08 January 2010

River Wear Bridge goes for planning consent

It's been a while since I've had any news to report on Sunderland's River Wear Bridge, the structurally ambitious competition-winning highway bridge design by Techniker and Spence Associates.

Just before Christmas, the project made its planning consent submission, depositing a mammoth package of drawings and reports that must total at least 400 pages. You can find it yourself by visiting Sunderland's planning portal and searching for the application reference 09/04661/LAP.

The reports include a number of interesting engineering documents as well as the normal planning statements, and I've extracted some of the more interesting points here.

It's clear that lead designer Techniker has devoted considerable effort to proving the feasibility of a design that seems by far their most challenging project. They've contracted the prestressed concrete bridge expert Nigel Hewson to provide engineering support, and their design has been peer reviewed both by Roughan O'Donovan and Aecom.

For the first time, we're given a cost estimate for the bridge itself, separated out from the highway scheme's overall cost of £133m. At £46.1m, it's pretty much in line with the budget of £43m specified in the original RIBA bridge design competition (contrary to my previous speculation). The bridge is 336m long, with a maximum span of 144m, and the deck is 25m wide. The cost therefore works out at about £5.5k per square metre in plan, which I would say is pretty cheap for such an unusual design. I've previously noted that it's comparable with Calatrava's Alamillo design, which, although controversial in its own right, is a considerably more structurally efficient bridge.

The planning submission contains a Statement of Community Involvement, which reports on a survey of 161 people, of whom 93% rate the Techniker design as "fairly good" or "very good". That's nice, but it ignores Sunderland Council's previous and larger survey (see council report [PDF]), where out of 1,641 responses, 49% wanted a "tried and tested design", and 58% wanted to minimise the impact on taxpayers (which this design hardly does).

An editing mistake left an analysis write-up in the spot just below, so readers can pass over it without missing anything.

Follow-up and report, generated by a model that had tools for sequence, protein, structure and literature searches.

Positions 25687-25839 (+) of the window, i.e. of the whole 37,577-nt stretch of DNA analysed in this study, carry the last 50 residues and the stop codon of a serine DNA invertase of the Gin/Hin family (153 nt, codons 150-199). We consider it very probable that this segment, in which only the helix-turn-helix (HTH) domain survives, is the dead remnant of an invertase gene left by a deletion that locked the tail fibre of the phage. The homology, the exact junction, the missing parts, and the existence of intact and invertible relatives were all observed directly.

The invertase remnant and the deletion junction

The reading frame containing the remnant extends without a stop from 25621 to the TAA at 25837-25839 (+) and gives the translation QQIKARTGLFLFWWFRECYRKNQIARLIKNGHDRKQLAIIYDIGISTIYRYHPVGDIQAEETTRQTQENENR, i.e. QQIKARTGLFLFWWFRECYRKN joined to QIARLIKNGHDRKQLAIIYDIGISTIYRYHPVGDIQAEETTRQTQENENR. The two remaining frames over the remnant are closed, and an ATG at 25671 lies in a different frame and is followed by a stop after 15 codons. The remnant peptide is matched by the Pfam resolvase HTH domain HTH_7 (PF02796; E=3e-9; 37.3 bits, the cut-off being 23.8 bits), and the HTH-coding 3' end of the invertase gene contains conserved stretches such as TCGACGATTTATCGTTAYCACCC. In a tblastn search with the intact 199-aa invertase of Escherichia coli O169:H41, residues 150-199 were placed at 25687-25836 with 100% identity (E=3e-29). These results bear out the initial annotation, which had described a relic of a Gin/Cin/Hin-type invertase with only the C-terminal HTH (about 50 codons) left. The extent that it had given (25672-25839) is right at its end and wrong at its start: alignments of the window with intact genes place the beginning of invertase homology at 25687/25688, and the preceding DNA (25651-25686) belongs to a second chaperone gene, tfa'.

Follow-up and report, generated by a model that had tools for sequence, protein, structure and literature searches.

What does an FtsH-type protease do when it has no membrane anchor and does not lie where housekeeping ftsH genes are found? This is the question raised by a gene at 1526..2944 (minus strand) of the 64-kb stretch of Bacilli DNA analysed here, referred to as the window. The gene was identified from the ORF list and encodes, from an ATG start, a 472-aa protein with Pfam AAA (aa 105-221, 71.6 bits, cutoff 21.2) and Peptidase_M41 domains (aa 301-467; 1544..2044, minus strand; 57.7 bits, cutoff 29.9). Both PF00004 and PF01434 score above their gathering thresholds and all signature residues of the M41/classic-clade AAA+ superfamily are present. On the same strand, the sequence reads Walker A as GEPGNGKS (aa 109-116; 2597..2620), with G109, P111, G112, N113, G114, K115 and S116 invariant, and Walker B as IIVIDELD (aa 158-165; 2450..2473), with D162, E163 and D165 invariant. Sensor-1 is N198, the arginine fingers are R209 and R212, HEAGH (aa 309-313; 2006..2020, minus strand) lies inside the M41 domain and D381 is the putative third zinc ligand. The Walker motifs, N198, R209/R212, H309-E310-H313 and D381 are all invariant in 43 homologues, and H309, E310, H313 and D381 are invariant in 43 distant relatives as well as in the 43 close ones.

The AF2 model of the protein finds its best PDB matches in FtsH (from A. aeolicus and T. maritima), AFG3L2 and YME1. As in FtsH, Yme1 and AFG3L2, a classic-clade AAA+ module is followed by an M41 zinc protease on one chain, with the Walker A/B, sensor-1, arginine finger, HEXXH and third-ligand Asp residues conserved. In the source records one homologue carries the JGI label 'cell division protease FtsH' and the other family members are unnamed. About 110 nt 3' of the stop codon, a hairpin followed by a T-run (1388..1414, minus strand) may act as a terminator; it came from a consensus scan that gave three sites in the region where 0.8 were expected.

The masts (one 140m high and the other 190m, making it the tallest bridge tower in the UK) are a very interesting construction. At the very bottom, they're of prestressed concrete with a stainless steel skin, but for most of their height they comprise prestressed concrete composite with a 12mm thick painted structural steel skin. The very top section is pure structural steel. Essentially, the prestress cables could be thought of as the "missing" back stays, hidden within the pylon.

The reports acknowledge the difficulties of fabricating the very complex steel plates involved, which are constantly changing in cross-section, rotating in plan and elevation, and hence much of the steel plate is curved in two directions (see drawing extract on the left, all drawings are taken from the planning submission).

Given the size of the towers, the steel skin will provide very little structural benefit. Indeed, its interaction with the tower prestress and with the creep behaviour of the internal concrete make it a significant complication in the design.